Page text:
“I’m watching it and first I’m like, ‘what the heck is Zack talking about? Of course we have an identity. The guys know exactly how we want to play the game.’ And then I started thinking, wait, he’s exactly right,” Berhalter said. “The first thing is, it’s a young group of guys establishing themselves on the international stage … The second thing is, we haven’t had an event to form our identity. … You’re defined by your year of the World Cup, the ’94 group, the 2002 group, the 2010 group – that’s how the public forms opinions on the team. We haven’t had this opportunity because we’re a young group. And we’ll get that opportunity and the guys will work really hard in qualifying, and then eventually in the World Cup, to form what we feel can be a really strong group moving forward.”
The perception and management of time has been a hot topic around the USMNT for quite a while now. How much of it was lost in the final months of the Jurgen Klinsmann era? What about in the year-plus gap between Bruce Arena’s resignation and the belated installation of Berhalter? That turned out to be a strange gap year that Steffen considers time wasted. Has the current boss done the absolute most with the precious windows he’s been given so far?
“It’s certainly not ideal,” Berhalter told Yahoo Sports’ Doug McIntyre. “But in the same sense, we’ve had 20 games together since I’ve been the coach and as a coaching staff. We really feel like we understand the player pool, we understand the strengths of the player pool and the weaknesses.”
These debates take on an extra dimension as world events compress the 2022 qualifying cycle further with each passing day. The margins for error are always a stressful subject during the Concacaf gauntlet. That could be hyper-intensified with tougher travel turnarounds, rule changes allowing extra substitutions, and a likely need for roster depth and a variety of contributors. With fewer warmup matches, the unknown unknowns can loom menacingly.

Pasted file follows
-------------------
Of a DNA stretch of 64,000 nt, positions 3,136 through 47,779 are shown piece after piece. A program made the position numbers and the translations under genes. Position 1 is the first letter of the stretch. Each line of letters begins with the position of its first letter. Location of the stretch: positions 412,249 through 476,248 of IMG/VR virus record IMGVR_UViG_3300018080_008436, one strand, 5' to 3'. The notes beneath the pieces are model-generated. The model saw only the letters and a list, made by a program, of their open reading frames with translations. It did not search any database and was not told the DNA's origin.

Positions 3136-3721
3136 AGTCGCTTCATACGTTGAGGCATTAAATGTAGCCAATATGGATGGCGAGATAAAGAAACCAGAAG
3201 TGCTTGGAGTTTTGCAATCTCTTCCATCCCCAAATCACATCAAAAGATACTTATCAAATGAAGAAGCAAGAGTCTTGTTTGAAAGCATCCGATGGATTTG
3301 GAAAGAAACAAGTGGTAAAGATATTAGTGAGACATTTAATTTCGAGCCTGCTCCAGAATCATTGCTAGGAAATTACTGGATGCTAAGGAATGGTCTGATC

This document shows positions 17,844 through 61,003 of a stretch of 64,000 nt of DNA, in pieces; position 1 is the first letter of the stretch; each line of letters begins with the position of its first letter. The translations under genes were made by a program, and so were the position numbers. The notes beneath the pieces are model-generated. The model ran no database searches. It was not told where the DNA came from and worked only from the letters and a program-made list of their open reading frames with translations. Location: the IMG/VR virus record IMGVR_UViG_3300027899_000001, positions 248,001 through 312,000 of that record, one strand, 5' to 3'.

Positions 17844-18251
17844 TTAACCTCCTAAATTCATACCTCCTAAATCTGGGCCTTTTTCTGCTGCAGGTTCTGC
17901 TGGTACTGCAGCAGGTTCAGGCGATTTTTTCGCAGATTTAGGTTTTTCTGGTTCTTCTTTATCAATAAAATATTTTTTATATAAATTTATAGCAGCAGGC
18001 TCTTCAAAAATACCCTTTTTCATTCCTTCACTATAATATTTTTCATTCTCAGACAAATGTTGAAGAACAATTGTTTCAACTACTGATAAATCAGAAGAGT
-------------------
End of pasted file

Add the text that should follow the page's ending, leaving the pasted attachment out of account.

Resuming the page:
There’s also a prominent known unknown. How and at what point will Berhalter’s famous philosophical preferences give way to pragmatism to get the essential jobs done? This applies to call-up choices as well as tactics. He says that’s not a concern, and adds that veteran USMNTers “will continue to have a place with us when they remain fit and they’re in form” despite the overall youth movement.
“We were able to execute our playing style, by and large, in the 20 games that I’ve coached. If you look at the data, all the passing numbers are up, all that stuff is in a decent spot,” he told the Fox crew. “But to me, what’s pivoted in my mind, is that it’s more about qualifying for the World Cup and doing well at the World Cup. That’s what’s most important. So, will there be alterations to this philosophy to get results in games? 100 percent, absolutely, because that’s what we need to do, and we understand that. But along the way, we keep chipping away, we keep teaching our principles and we will be able to play our game in most of the games we’re in.”
Has Berhalter shown enough to calm the fretting of fans? Is this meticulous planner truly ready to navigate the unexpected that Concacaf loves to throw up? For now, it’s in the eye of the beholder. We might not get much chance to deepen our perspectives until the crucial games are back on the schedule.
Charles Boehm is a Washington, DC-based writer and the editor of The Soccer Wire. Contact him at:email@example.com. Follow him on Twitter at:http://twitter.com/cboehm.
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Photo by John Dorton – ISIPhotos.com